Christie Welsh scored five goals in the 2005 Algarve Cup. (Scott Bales/YCJ Photo)
This story was posted at ENYSoccer.com March 18, 2005
By Michael Lewis
One of the final cuts from the U.S. women’s Olympic soccer team last summer, Christie Welsh admitted that she was devastated when she discovered she was not going to Greece.
“I definitely was heart-broken, way more than 2000,” she said by telephone earlier this week from Portugal. “I thought last year was my chance. It was upsetting.”
But that gave the Massapequa Park, L.I. product even more incentive she belonged at the international level.
Welsh demonstrated that in spectacular fashion during the U.S.’s Algarve Cup championship run in Portugal the past week, scoring a tournament-best five goals, including the lone goal in Tuesday’s 1-0 win over archrival Germany.
“We put in a lot of effort in the past two weeks and worked very hard for this victory,” Welsh said.
In fact, the 5-10 Welsh gave the U.S. an imposing one-two power punch up front, teaming with 5-11 Olympic hero Abby Wambach. Welsh has scored 18 goals in 27 international matches (66 percent), her strike rate only bettered by Wambach (47 goals, 59 matches, 79.6 percent).
As it turns out, Welsh and Wambach were roommates during the Cup. Just call them the W&W scoring machine.
“I’ve been watching the National Team,” Welsh said. “I probably know her better than she knows me. We are trying to reach each other and learn each other’s tendencies. She is a good player to play with.”
Welsh was brought onto the team by former coach April Heinrichs in 2000 and came on like gangbusters, scoring at nearly a goal-a-game clip. But she couldn’t make the Olympic team for the Sydney Summer Games that year.
“I could figure it out,” Welsh said of why she was left behind then.
“It was a matter of timing. I was young. I was playing well at the time. Then I started to play not so well. I got injuries and I lost my spot.”
Welsh, a Hermann Trophy winner at Penn State, was taken as the second pick in the 2003 WUSA college draft by the New York Power. She acquitted herself well in her rookie season, but suffered a high ankle sprain, benching her for the rest of the season.
After a series of mediocre performances and injuries stifled her progress, the 24-year-old Welsh realized she had to prove herself. With the demise of the WUSA in 2003, she got healthy and wound up in residency with the U.S. team last summer.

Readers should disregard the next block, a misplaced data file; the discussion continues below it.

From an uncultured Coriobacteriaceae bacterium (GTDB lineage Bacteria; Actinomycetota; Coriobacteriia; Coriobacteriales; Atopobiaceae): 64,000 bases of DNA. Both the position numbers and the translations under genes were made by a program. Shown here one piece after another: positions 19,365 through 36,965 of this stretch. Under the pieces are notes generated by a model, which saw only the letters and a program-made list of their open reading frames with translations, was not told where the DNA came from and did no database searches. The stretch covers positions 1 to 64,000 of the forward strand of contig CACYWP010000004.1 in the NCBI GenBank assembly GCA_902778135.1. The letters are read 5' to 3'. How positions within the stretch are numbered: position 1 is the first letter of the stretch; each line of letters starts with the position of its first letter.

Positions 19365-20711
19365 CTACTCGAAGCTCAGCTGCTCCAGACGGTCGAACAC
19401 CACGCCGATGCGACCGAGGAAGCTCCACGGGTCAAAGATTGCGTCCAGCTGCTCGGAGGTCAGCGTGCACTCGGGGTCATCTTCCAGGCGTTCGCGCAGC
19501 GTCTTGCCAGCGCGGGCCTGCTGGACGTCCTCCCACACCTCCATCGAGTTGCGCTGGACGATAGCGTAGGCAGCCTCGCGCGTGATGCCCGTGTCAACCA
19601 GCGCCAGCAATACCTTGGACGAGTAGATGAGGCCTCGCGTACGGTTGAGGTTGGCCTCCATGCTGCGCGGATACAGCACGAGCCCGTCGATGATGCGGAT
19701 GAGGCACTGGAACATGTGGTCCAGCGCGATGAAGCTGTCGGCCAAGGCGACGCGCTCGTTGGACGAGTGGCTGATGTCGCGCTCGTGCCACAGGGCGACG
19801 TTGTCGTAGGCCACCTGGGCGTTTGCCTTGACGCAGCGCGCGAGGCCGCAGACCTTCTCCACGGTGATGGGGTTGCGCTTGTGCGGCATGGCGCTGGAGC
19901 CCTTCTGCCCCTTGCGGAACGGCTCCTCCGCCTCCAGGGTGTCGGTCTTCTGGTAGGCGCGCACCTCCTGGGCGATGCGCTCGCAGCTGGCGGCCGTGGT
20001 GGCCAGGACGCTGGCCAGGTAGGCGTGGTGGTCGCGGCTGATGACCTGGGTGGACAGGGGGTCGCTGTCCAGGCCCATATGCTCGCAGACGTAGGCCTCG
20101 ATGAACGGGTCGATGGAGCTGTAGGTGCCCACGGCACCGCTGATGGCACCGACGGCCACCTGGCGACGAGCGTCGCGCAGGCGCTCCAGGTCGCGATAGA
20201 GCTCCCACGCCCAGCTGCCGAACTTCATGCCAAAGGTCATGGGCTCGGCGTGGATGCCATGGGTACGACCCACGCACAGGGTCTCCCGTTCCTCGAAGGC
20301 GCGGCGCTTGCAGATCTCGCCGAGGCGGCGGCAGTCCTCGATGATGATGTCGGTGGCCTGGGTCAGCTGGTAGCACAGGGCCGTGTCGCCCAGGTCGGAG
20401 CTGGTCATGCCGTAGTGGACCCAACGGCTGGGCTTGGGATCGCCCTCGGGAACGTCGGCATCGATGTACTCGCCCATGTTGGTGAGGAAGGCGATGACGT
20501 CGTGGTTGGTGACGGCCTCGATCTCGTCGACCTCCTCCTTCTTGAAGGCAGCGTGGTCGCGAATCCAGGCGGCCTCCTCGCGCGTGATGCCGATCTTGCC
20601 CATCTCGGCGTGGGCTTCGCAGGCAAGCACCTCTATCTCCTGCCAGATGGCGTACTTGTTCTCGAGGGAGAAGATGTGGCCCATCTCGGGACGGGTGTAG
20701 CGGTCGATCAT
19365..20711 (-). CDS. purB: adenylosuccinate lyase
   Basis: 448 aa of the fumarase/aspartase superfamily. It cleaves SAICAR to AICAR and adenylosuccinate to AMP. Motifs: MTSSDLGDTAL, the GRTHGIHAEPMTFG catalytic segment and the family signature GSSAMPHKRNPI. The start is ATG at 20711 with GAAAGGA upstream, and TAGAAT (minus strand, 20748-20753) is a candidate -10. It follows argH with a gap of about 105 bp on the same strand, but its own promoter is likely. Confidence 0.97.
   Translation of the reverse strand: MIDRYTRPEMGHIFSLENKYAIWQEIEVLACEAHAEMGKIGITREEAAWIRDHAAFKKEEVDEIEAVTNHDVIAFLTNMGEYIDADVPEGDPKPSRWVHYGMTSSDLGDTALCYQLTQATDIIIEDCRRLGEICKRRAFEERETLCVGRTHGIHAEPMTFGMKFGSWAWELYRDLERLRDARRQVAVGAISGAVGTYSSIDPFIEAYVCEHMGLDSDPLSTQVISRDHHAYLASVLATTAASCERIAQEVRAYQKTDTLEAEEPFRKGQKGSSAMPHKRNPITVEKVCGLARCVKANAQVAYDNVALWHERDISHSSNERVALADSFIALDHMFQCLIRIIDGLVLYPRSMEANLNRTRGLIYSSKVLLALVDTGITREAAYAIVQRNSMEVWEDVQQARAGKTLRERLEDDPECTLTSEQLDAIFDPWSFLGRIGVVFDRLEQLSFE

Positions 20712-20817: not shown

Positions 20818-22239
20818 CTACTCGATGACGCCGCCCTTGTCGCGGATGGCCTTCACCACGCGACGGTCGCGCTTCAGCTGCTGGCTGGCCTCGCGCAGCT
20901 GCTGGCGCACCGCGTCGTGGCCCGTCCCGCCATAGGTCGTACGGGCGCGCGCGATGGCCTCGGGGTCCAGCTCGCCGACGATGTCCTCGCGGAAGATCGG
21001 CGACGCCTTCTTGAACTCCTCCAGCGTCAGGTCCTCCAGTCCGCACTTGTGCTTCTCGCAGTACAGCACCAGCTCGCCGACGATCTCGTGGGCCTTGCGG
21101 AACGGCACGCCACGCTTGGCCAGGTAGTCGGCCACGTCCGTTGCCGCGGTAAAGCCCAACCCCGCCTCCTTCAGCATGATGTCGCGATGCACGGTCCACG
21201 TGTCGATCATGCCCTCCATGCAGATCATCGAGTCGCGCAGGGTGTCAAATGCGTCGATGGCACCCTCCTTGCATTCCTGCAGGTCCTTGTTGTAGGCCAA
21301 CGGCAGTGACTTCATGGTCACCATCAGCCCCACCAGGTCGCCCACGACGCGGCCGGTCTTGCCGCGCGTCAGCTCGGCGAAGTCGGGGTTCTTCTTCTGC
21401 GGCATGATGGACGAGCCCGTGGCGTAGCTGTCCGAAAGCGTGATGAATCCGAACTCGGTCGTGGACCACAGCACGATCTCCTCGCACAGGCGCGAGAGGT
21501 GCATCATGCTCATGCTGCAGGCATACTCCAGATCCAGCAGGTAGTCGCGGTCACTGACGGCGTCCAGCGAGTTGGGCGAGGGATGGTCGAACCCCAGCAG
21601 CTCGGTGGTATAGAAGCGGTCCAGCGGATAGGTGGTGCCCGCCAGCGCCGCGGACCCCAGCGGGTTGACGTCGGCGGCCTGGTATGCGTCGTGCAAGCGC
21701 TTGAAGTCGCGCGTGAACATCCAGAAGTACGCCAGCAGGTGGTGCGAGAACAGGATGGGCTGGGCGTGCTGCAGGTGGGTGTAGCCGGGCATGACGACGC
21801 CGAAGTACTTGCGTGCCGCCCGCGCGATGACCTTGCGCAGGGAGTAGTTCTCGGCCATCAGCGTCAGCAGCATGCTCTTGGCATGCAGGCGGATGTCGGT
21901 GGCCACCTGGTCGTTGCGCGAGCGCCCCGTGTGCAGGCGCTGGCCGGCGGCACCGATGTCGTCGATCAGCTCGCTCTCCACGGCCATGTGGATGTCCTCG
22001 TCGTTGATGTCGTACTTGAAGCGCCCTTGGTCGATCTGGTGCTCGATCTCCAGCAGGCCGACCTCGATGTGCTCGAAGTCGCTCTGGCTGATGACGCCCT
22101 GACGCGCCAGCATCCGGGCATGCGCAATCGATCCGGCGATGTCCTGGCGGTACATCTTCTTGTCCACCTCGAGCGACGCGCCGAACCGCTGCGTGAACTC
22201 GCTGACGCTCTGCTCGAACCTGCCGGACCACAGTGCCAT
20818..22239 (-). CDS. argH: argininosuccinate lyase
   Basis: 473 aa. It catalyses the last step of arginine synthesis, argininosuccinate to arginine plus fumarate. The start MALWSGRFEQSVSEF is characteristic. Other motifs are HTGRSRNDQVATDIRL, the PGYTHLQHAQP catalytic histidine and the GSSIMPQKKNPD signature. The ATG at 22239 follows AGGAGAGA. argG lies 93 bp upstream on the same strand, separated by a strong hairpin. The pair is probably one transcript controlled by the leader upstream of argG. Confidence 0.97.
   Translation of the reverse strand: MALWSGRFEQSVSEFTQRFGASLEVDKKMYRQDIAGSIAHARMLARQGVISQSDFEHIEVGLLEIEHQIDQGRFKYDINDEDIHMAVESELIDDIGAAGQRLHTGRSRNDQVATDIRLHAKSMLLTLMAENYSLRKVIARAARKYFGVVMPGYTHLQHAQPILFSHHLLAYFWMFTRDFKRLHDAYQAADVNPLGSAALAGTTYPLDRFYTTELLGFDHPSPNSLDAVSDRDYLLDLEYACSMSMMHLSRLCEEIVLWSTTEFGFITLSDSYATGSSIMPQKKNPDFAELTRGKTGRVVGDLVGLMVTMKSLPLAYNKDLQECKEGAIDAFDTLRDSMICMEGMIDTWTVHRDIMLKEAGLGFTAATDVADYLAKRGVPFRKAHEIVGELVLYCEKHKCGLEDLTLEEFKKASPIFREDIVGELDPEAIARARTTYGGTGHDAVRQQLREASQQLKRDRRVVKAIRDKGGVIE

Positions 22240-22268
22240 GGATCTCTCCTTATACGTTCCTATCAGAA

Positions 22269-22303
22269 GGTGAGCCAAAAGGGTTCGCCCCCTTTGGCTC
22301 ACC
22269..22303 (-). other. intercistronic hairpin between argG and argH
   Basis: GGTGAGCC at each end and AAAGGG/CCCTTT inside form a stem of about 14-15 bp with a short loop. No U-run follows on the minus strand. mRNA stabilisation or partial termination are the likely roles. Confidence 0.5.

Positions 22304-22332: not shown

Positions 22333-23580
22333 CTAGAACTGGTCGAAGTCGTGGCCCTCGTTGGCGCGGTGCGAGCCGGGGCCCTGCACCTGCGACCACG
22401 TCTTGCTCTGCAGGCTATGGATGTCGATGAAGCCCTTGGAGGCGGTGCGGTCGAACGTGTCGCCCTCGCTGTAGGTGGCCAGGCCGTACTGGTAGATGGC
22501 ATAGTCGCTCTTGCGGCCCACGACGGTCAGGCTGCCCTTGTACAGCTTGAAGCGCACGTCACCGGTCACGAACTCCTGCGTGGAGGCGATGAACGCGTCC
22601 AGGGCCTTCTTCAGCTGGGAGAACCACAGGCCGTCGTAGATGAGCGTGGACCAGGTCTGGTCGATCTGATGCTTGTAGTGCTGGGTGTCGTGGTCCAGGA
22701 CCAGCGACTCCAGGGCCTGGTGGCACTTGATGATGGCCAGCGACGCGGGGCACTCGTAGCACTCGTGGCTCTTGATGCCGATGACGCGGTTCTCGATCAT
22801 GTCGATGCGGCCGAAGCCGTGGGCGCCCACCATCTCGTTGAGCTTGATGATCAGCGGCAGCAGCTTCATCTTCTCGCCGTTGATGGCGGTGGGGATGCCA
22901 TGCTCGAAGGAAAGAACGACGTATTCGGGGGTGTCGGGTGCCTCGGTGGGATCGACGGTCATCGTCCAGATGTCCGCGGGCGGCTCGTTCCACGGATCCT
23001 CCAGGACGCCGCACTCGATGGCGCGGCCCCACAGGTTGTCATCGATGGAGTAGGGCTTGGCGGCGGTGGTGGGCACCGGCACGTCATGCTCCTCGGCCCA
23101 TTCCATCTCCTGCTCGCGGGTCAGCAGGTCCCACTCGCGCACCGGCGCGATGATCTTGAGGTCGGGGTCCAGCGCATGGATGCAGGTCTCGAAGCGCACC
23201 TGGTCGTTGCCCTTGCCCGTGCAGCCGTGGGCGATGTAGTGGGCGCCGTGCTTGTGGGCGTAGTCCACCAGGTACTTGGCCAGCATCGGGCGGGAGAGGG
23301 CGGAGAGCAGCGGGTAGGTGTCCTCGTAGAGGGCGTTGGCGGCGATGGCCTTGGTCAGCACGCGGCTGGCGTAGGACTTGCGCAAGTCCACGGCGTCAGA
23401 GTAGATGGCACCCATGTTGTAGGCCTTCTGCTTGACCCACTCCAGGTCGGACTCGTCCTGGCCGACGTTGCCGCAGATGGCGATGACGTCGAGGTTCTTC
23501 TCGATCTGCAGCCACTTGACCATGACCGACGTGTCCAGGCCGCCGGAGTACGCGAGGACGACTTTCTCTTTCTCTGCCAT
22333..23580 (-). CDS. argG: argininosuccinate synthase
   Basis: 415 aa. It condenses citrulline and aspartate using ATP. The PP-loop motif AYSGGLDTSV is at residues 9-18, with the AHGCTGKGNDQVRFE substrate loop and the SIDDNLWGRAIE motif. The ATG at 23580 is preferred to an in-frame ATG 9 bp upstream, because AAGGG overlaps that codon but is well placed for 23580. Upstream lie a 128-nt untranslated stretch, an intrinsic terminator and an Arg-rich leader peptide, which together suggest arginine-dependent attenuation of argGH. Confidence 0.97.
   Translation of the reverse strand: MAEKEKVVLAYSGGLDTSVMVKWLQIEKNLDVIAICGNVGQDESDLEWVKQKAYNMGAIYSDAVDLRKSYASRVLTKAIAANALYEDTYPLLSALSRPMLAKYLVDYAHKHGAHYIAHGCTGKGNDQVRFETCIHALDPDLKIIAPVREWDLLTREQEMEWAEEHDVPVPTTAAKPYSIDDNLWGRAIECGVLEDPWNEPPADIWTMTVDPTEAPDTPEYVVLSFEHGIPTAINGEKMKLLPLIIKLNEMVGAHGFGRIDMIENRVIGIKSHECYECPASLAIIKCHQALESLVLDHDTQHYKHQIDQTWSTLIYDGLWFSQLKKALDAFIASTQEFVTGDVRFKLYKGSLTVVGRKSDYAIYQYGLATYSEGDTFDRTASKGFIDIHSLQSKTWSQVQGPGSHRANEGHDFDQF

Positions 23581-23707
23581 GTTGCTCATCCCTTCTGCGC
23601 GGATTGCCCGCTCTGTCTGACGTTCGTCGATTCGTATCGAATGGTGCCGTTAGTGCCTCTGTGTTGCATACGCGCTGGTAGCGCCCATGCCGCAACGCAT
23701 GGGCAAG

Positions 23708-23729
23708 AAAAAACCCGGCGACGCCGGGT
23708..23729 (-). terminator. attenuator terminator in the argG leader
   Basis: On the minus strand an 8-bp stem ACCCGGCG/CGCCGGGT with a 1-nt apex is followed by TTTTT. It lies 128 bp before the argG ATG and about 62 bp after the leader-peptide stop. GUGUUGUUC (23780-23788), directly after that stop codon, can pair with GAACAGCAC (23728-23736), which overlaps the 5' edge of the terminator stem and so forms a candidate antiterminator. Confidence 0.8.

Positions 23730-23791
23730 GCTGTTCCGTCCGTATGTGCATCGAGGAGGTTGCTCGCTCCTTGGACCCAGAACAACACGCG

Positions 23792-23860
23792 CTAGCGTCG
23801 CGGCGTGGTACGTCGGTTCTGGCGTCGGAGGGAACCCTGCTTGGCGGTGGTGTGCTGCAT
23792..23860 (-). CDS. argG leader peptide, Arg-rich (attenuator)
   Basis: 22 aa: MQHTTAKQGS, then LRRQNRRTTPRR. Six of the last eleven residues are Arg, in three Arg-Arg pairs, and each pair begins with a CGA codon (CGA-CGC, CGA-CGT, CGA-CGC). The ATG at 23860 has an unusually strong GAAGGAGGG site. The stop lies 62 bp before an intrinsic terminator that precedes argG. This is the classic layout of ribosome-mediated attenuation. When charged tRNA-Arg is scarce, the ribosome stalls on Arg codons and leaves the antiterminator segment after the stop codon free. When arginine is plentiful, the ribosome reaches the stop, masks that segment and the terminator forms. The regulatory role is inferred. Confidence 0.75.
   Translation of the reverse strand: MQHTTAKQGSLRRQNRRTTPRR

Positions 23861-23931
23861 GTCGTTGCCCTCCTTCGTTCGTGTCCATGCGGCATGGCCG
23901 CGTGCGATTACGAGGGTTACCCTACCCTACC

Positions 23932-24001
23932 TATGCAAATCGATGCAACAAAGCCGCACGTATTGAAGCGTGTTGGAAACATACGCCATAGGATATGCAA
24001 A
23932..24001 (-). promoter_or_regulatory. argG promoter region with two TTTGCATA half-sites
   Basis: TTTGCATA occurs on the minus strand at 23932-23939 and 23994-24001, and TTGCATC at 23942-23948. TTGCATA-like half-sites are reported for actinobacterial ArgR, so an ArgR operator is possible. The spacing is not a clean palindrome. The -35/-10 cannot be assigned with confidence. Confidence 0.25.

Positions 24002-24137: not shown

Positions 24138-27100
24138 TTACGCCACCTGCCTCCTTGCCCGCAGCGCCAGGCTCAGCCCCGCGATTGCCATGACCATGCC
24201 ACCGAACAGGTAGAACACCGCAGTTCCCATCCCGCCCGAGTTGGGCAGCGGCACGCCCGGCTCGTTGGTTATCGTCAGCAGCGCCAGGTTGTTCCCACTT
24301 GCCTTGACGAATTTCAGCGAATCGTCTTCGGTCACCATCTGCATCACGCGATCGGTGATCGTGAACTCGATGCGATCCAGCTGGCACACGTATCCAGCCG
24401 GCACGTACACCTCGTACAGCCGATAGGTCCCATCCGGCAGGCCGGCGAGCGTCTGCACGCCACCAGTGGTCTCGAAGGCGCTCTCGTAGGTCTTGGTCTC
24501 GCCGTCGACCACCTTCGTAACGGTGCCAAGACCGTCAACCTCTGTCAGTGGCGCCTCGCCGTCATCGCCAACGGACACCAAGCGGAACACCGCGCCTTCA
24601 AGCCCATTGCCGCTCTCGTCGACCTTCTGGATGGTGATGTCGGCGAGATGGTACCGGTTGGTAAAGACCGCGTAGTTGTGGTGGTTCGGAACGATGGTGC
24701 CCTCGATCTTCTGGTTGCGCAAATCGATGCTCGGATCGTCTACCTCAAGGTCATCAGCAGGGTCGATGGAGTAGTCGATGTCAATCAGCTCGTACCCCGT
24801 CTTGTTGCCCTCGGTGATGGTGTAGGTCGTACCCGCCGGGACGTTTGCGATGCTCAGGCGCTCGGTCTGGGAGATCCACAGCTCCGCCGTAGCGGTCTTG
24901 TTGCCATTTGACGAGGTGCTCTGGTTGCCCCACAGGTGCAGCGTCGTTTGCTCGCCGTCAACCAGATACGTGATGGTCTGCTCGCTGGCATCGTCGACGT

She made a call to Heinrichs in the fall of 2003.
“I was trying to get my body healthy and try to get on the team and play well,” she said.
She wound up in residency camp and was in the middle of several goals before getting cut.
But with no domestic pro league, Welsh looked across the Atlantic and through an agent, found went to a Swedish club before joining Lyon, which plays in a semi-pro women’s league. U.S. internationals Hope Solo, Lori Fair, Danielle Slaton and Aly Wagner joined her.
“I’m in France to get the experience and better my soccer,” Welsh said. “I still have dreams of playing in a World Cup and playing in an Olympics. That’s really my No. 1 focus.
“The men’s team, Lyon, has done so well,” she added the first-place club. “The women’s side, they want to be a step ahead of every other team. So they went ahead to get us over there. They will have the upper-hand if the league goes professional in September.”
Welsh, who said she gets paid almost as much as she did in the WUSA, has played only twice because France is undergoing its worst winter in 40 years. At least four games had been cancelled by the league, which suspended play for the Algarve Cup.
“We played the best team in the league in the first game and lost 1-0,” Welsh said. “It was a physical game. I’d classify it as dirty. I wasn’t very happy with it. I was really bummed because I thought the level would be good.
“Two weeks later we played the third best team. It was a completely different game.”
It was less physical, and Lyon won, 3-0.
The five Americans live in a hotel and practice or play every day. None of them knew French when they joined the league in January.
“We have a French teacher and have lessons every week,” Welsh said. “It’s been hard, definitely hard.”
The Swedish and French cultures are polar opposites.
“Most of them there learn English when they are young because outside of Sweden their language isn’t used anywhere,” Welsh said. “Half of their TV channels has English subtitles.
“Then you go to France and the people don’t want to speak English. Their culture is completely different in that regard.”
Her most memorable experience in France, however, came off the field, as Welsh and her American colleagues were introduced to some anti-American feelings due to the U.S.’s rather unpopular international policies in Europe when a man gave them some choice words while on the metro one morning.
“We were taken aback,” she said. “It happened so fast. We were sort of like, ‘Whoa! Like OK. What happened?’ The man just walked away. We didn’t know how to react.”
On the other hand, Welsh has demonstrated she knows how to react on the field — by filling the net for the U.S. in her fruitful comeback.